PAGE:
ANAHEIM, Calif. – Marcus Kruger’s not the flashiest guy on the Blackhawks roster. But he is one of the hardest workers, whether he’s battling for pucks along the boards or trying to clean up around the net.
On Tuesday night, that hard work paid a very big dividend.
Kruger scored the game-winning goal 16:12 into triple overtime, as the Blackhawks beat the Anaheim Ducks 3-2 in Game 2 of the Western Conference Final. The Blackhawks, who had an early 2-0 lead and then lost it, even the series at 1-1; they host Game 3 at the United Center on Thursday night.
Corey Crawford stopped a career-high 60 shots, including 38 consecutive stops in the final 79 minutes, 42 seconds of the game. Duncan Keith played nearly 50 minutes (49:51) and Niklas Hjalmarsson and Brent Seabrook both played about 47 1/2 minutes. Johnny Oduya logged just over 46 minutes.
[ANDREW SHAW: If anyone can pull that off, it should still be a goal]
Not surprisingly, given those gaudy numbers, Tuesday marked the Blackhawks’ longest game in franchise history.
“It felt like it,” Crawford said. “We played hard throughout the whole thing and we had some chances. They had some, too that went off the post. Both sides were so close. That was just a great hockey game to watch, I think.”
It was a great one to coach for Joel Quenneville.
“As intense a game as I’ve ever been a part of,” he said. “Unbelievable game, pace, both teams left it out on the rink. Both teams had excellent chances to win the game over different periods.”
The Blackhawks thought they had won it in double overtime when Andrew Shaw head-butted the puck past Frederik Andersen on a power play. But NHL Rule 78.5 (i) says, “Apparent goals shall be disallowed when the puck has been directed, batted or thrown into the net by an attacking player other than with a stick.”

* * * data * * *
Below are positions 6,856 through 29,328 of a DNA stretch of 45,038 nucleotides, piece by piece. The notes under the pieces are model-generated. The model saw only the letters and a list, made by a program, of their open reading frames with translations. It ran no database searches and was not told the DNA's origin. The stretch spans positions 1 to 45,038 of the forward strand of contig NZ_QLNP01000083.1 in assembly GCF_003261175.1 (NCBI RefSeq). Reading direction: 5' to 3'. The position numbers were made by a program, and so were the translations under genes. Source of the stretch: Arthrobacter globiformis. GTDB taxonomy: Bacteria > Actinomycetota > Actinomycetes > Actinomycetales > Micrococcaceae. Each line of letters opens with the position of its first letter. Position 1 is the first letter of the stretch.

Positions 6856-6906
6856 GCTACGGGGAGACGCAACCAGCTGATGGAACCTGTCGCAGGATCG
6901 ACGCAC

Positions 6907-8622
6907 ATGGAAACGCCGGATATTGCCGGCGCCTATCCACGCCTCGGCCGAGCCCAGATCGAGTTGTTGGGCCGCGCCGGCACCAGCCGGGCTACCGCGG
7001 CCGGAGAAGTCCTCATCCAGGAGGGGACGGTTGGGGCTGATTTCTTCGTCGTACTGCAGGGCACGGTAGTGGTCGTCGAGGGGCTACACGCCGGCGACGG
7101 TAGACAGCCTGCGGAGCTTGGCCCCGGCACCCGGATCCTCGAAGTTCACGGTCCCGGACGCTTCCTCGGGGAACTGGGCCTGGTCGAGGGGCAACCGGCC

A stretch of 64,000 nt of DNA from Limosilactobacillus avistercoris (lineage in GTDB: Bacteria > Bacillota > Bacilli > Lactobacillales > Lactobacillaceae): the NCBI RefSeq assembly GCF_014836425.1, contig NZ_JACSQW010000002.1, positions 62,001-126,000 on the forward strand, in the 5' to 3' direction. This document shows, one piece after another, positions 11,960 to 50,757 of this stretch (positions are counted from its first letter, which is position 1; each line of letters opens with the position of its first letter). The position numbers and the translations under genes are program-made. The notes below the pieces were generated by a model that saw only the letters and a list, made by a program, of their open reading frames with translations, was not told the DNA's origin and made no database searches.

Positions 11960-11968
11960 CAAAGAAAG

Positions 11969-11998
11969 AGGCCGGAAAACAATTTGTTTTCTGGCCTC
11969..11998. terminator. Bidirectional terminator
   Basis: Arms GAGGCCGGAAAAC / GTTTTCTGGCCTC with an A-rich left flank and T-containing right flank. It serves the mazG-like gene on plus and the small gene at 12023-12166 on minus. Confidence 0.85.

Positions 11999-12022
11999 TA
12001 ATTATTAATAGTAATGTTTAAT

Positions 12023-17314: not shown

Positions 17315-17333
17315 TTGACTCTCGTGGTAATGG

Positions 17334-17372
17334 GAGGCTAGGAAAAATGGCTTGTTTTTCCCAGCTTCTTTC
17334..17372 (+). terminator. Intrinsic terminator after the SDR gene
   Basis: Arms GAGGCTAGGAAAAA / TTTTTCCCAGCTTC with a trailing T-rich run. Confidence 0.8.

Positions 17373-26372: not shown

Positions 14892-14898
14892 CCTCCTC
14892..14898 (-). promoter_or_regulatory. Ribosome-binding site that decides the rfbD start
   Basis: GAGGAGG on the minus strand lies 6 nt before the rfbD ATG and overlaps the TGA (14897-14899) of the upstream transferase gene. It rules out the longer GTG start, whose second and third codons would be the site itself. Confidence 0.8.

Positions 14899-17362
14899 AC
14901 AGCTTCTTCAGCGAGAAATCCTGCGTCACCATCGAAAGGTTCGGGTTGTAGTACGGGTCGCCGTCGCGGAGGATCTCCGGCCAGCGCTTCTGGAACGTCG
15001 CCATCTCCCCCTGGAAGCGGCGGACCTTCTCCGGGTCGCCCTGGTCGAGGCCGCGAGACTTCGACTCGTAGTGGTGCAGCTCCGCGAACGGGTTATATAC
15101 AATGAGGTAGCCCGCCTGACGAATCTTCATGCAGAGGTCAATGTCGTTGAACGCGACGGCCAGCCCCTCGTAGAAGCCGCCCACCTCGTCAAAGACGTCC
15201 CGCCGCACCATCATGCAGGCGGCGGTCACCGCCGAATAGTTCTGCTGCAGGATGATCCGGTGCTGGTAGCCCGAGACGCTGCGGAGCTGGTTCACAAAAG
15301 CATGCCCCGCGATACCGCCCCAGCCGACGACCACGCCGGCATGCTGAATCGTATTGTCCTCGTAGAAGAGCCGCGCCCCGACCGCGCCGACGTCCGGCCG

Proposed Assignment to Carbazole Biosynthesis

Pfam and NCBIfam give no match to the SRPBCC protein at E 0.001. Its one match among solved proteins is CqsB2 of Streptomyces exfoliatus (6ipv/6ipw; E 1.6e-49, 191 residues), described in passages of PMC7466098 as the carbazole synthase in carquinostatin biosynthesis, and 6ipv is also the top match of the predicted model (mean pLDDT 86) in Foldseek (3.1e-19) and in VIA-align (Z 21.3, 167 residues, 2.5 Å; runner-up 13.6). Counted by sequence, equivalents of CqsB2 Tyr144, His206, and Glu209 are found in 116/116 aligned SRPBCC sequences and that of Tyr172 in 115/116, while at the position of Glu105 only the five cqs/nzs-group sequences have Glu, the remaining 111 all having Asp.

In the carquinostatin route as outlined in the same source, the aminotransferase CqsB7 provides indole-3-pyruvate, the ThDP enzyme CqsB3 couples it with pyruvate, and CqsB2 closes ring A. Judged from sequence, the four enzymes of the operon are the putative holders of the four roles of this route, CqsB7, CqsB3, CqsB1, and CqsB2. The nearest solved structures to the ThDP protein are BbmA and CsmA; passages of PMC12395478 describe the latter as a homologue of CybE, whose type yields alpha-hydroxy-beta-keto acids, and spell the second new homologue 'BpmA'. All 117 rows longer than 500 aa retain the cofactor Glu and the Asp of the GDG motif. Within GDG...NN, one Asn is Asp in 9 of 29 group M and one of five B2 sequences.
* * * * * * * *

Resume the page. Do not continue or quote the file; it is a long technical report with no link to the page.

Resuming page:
Shaw said it was worth a shot.
“At that point you just react to the moment, try to get it in and get the game over,” he said.
But there was no denying Kruger, who, at the side of the net, knocked down Brent Seabrook’s shot and past Andersen.
“I lost the puck there when it went [defenseman] to [defenseman],” Kruger said, referring to Oduya and Seabrook. “It hit my glove first and then I tried to get a stick on it. I was happy to put it in.”
The Blackhawks were, too. It was a long, draining game regardless but it would’ve hurt a lot more if the Blackhawks had lost it. It was looking like they would through the first two periods. Despite scoring two power-play goals in the first seven minutes of the game – Shaw and Marian Hossa – the Blackhawks couldn’t keep that early 2-0 lead. The Ducks, who were fueled by a physical game and scoring pressure, evened it up in the second with goals from Andrew Cogliano and Corey Perry.
[NBC SHOP: Gear up, Blackhawks fans!]
Then came the marathon segment, with teams battling for opportunities and goaltenders keeping each at bay. Crawford and Andersen were both sensational, the latter stopping 53 of 56 shots.
“I thought he battled,” Quenneville said of Crawford. “I thought he was outstanding, thought he was quick, alert, handled the puck, rebound control. He made a couple gigantic saves.”
In games like this it’s not about being pretty. It’s about finding a way to score that gritty goal. Kruger doesn’t score a lot, but he’s usually in the right areas to have a chance. He capitalized on that chance on Tuesday.
“We love to battle. We stuck with it and Krugs gets a big goal because he’s one of those guys who’s a warrior,” Quenneville said. “But across the board, commend everybody.”